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OccurrencesGenesis 1:1 In the beginning God created the heavens and the earth.
Genesis 2:14 The name of the third river is Hiddekel: this is the one which flows in front of Assyria. The fourth river is the Euphrates.
Genesis 3:23 Therefore Yahweh God sent him forth from the garden of Eden, to till the ground from which he was taken.
Genesis 3:24 So he drove out the man; and he placed Cherubs at the east of the garden of Eden, and the flame of a sword which turned every way, to guard the way to the tree of life.
Genesis 4:16 Cain went out from Yahweh's presence, and lived in the land of Nod, east of Eden.
2 Kings 19:12 Have the gods of the nations delivered them, which my fathers have destroyed, Gozan, and Haran, and Rezeph, and the children of Eden that were in Telassar?
Isaiah 37:12 Have the gods of the nations delivered them, which my fathers have destroyed, Gozan, Haran, Rezeph, and the children of Eden who were in Telassar?
Isaiah 51:3 For Yahweh has comforted Zion; he has comforted all her waste places, and has made her wilderness like Eden, and her desert like the garden of Yahweh; joy and gladness shall be found therein, thanksgiving, and the voice of melody.
Ezekiel 27:23 Haran and Canneh and Eden, the traffickers of Sheba, Asshur and Chilmad, were your traffickers.
Ezekiel 28:13 You were in Eden, the garden of God; every precious stone adorned you: ruby, topaz, emerald, chrysolite, onyx, jasper, sapphire, turquoise, and beryl. Gold work of tambourines and of pipes was in you. In the day that you were created they were prepared.
Ezekiel 31:9 I made it beautiful by the multitude of its branches, so that all the trees of Eden, that were in the garden of God, envied it.
Ezekiel 31:16 I made the nations to shake at the sound of his fall, when I cast him down to Sheol with those who descend into the pit; and all the trees of Eden, the choice and best of Lebanon, all that drink water, were comforted in the lower parts of the earth.
Ezekiel 31:18 To whom are you thus like in glory and in greatness among the trees of Eden? yet you will be brought down with the trees of Eden to the lower parts of the earth: you shall lie in the midst of the uncircumcised, with those who are slain by the sword. This is Pharaoh and all his multitude, says the Lord Yahweh.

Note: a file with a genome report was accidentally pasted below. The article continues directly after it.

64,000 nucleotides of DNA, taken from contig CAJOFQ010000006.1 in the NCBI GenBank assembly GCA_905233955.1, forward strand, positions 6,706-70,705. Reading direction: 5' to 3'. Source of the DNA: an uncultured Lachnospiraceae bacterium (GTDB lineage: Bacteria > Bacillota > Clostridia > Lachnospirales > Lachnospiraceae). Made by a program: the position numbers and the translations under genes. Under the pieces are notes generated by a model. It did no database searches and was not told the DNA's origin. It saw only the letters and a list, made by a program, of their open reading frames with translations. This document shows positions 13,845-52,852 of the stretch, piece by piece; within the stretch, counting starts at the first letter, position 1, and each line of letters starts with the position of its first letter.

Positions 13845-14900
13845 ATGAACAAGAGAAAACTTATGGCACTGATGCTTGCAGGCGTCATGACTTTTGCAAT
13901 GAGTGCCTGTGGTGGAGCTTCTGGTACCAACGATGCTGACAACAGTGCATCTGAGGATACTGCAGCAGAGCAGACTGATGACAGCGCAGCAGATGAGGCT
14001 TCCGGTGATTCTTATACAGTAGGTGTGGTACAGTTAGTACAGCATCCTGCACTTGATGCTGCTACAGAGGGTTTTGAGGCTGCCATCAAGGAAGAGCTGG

Ezekiel 36:35 They shall say, This land that was desolate is become like the garden of Eden; and the waste and desolate and ruined cities are fortified and inhabited.
Joel 2:3 A fire devours before them, and behind them, a flame burns. The land is as the garden of Eden before them, and behind them, a desolate wilderness. Yes, and no one has escaped them.
ti'-gris (Tigris, the Greek equivalent of the Hebrew chiddeqel): One of the rivers of Eden going "eastward to Assyria" (Genesis 2:14 margin), called the Great River (Daniel 10:4), elsewhere mentioned in the apocryphal books, as in Tob 6:1; Judith 1:6; Ecclesiasticus 24:25, called Diglath in Josephus, and Diglit in Pliny, now called in Mesopotamia Dijleh, generally supposed to be a Semitic corruption of Tigra, meaning originally an arrow, which from its rapidity of motion is symbolized. The Tigris rises in the mountains of Armenia, latitude 38 degrees 10 minutes, longitude 39 degrees 20 minutes, only a few miles from the main branch of the Euphrates. After pursuing a tortuous southeasterly course for 150 miles, it is joined by the east branch at Osman Kieui, some distance below Diarbekr. Here the stream is 450 ft. wide and 3 or 4 ft. deep. Passing through numerous mountain gorges for another 150 miles, it emerges into the region of low hills about Nineveh, and a little below into the great alluvial plain of Mesopotamia. Thence in its course to Bagdad it is joined by the Great Zab, the Lesser Zab, the Adhem, and the Diyaleh rivers, bringing a large amount of water from the Zagros Mountains. At Bagdad the overflows from the Euphrates in high water often increase the inundations. The flood season begins early in the month of March, reaching its climax about May 1, declining to its natural level by midsummer. In October and November, the volume of water increases considerably, but not so much as to overflow its banks. Below Bagdad, throughout the region of Babylonia proper, the Tigris joins with the Euphrates in furnishing the water for irrigation so successfully used in ancient times. English engineers are at present with great promise of success aiming to restore the irrigating systems of the region and the prosperity of ancient times. The total length of the river is 1,146 miles. It now joins the Euphrates about 40 miles Northwest of the Persian Gulf, the two streams there forming the Shat el Arab, but in early historical times they entered the Persian Gulf by separate mouths, the Gulf then extending a considerable distance above the present junction of the rivers, the sediment of the streams having silted up the head of the Gulf to that distance.